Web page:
Eigenvectors of this Hamiltonian

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  • #1
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Main Question or Discussion Point

I've got a problem which is asking for the eigenvalues and eigenstates of the Hamiltonian [itex] H_0=-B_0(a_1 \sigma_z^{(1)}+a_2 \sigma_z^{(2)}) [/itex] for a system consisting of two spin half particles in the magnetic field [itex] \vec{B}=B_0 \hat z [/itex].
But I think the problem is wrong and no eigenstate and eigenvalue exist. Here's my reason:
[itex]
-B_0(a_1 \sigma_z^{(1)}+a_2 \sigma_z^{(2)}) \left(\begin{array}{c}x_1\\y_1 \end{array}\right)\left(\begin{array}{c}x_2\\y_2 \end{array}\right) =\lambda\left(\begin{array}{c}x_1\\y_1 \end{array}\right)\left(\begin{array}{c}x_2\\y_2\end{array}\right) \Rightarrow -B_0(a_1 \left(\begin{array}{c}x_1\\-y_1 \end{array}\right)\left(\begin{array}{c}x_2\\y_2 \end{array}\right)+a_2 \left(\begin{array}{c}x_1\\y_1 \end{array}\right)\left(\begin{array}{c}x_2\\-y_2 \end{array}\right)) =\lambda\left(\begin{array}{c}x_1\\y_1 \end{array}\right)\left(\begin{array}{c}x_2\\y_2\end{array}\right)
[/itex]
But as far as I know, that is impossible. Am I right?
I'm asking this because I'm affraid maybe my knowledge on tensor product states and operators contain some holes because I learnt it by reading little things here and there.
 

Answers and Replies

  • #2
atyy
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The final step doesn't look right. I haven't looked at the details, but I would try representing the tensor product state using a 4X1 column vector as in http://www.matfys.lth.se/education/quantinfo/QIlect1.pdf (p10) or http://www.tau.ac.il/~quantum/Reznik/lecture notes in quantum information.pdf (p32). The operators should be 4X4 matrices, and ##\sigma_z^{(1)}## should be ##\sigma_z^{(1)} \otimes \mathbb{I}^{(2)}##.

Edit: rubi's and stevendaryl's posts are correct. The 4X1 vector should be have unknowns [a b c d]T.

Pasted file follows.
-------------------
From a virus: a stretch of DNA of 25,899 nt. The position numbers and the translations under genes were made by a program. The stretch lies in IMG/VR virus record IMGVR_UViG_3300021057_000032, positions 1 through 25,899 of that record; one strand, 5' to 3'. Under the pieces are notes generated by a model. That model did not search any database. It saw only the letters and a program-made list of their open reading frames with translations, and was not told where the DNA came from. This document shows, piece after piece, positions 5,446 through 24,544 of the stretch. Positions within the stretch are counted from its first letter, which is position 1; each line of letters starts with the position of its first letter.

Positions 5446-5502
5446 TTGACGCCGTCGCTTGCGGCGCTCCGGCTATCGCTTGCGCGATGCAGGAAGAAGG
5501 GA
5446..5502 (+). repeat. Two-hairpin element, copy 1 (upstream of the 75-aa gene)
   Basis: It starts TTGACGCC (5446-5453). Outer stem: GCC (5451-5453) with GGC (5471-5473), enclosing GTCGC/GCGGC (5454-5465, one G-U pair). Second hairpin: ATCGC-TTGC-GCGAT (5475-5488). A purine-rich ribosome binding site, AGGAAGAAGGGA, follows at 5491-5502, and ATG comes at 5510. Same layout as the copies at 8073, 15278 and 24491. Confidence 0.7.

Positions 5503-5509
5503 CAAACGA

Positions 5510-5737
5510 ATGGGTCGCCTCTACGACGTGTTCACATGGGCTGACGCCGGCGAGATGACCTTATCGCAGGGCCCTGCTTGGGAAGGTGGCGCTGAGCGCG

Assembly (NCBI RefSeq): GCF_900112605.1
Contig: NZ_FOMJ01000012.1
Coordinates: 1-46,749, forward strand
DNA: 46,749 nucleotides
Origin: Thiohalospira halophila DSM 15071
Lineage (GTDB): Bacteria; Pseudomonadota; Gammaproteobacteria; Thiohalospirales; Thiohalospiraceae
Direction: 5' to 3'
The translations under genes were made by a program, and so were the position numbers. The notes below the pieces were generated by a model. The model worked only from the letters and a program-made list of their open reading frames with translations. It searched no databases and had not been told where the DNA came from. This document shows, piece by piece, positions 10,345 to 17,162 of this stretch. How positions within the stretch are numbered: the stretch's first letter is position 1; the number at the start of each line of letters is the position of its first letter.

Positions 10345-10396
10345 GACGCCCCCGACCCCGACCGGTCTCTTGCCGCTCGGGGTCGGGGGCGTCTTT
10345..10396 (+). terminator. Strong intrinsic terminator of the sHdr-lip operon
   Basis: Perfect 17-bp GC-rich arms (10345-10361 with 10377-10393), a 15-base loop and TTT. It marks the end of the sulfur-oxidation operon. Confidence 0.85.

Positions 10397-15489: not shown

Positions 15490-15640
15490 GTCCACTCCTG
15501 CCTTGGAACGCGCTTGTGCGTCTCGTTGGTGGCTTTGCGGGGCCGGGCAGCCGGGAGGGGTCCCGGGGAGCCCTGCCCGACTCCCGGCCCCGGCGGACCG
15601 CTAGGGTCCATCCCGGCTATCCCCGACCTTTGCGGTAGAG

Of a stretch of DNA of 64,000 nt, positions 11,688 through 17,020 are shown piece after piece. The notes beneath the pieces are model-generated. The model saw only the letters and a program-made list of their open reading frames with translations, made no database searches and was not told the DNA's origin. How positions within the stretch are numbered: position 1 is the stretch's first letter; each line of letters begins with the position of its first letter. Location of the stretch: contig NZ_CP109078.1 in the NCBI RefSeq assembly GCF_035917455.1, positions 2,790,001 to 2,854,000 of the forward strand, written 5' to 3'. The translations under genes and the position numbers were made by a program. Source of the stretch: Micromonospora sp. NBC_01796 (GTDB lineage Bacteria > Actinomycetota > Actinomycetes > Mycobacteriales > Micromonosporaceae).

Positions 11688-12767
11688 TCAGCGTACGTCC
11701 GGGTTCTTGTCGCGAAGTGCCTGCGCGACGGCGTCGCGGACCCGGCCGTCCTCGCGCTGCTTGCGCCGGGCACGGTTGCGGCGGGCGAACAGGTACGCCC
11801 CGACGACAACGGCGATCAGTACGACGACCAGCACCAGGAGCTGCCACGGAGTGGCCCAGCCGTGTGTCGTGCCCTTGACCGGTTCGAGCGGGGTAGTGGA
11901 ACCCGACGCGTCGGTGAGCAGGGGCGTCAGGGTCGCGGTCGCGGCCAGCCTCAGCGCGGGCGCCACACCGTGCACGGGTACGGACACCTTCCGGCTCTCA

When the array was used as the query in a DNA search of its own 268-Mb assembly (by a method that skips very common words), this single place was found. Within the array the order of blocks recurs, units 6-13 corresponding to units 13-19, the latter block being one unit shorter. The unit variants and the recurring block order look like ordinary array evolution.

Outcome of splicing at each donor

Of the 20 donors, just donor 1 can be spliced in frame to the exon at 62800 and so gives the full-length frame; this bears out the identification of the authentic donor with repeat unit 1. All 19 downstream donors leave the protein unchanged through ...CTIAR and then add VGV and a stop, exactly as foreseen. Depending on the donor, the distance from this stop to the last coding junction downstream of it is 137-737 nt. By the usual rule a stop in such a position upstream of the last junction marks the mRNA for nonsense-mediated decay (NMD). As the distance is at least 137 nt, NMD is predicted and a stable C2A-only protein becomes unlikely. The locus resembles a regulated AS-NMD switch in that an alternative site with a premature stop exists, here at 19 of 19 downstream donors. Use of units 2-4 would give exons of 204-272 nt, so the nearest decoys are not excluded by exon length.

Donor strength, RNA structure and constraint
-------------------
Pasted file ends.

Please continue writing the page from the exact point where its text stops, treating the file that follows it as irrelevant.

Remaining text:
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  • #3
rubi
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The problem with the calculation is that a general vector in the tensor product space isn't ##(\sum_{i=1}^2 a_i e_i)\otimes(\sum_{j=1}^2 b_j e_j)## but rather ##\sum_{i,j=1}^2 c_{ij} e_i\otimes e_j##.
 
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  • #4
stevendaryl
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The state [itex]\left( \begin{array}\\ x_1 \\ y_1\end{array} \right) \left( \begin{array}\\ x_2 \\ y_2\end{array} \right) [/itex] is not the most general state for two spin-1/2 particles. The most general state looks something like this:

[itex]\alpha_1 \left( \begin{array}\\ 1 \\ 0\end{array} \right) \left( \begin{array}\\ 1 \\ 0\end{array} \right) + \alpha_2 \left( \begin{array}\\ 1 \\ 0\end{array} \right) \left( \begin{array}\\ 0 \\ 1\end{array} \right) + \alpha_3 \left( \begin{array}\\ 0 \\ 1\end{array} \right) \left( \begin{array}\\ 1 \\ 0\end{array} \right) + \alpha_4 \left( \begin{array}\\ 0 \\ 1\end{array} \right) \left( \begin{array}\\ 0 \\ 1\end{array} \right) [/itex]

Now, operate on this general state with the Hamiltonian to find out what kind of constraints on the [itex]\alpha[/itex]s would make it an eigenstate.
 
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  • #5
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Thanks people.
Now another question.
The next part of the problem asks for the first order correction for the perturbation [itex] k \, \vec\sigma^{(1)} \cdot \vec\sigma^{(2)} [/itex]. Is the following correct?
[itex]

\vec\sigma^{(1)} \cdot \vec\sigma^{(2)}=(\sigma_x^{(1)*} \,\,\, \sigma_y^{(1)*} \,\,\, \sigma_z^{(1)*}) \left( \begin{array}{c} \sigma_x^{(2)} \\ \sigma_y^{(2)} \\ \sigma_z^{(2)} \end{array} \right)=\sigma_x^{(1)*}\sigma_x^{(2)}+\sigma_y^{(1)*}\sigma_y^{(2)}+ \sigma _z^{(1)*}\sigma_z^{(2)}

[/itex]
 

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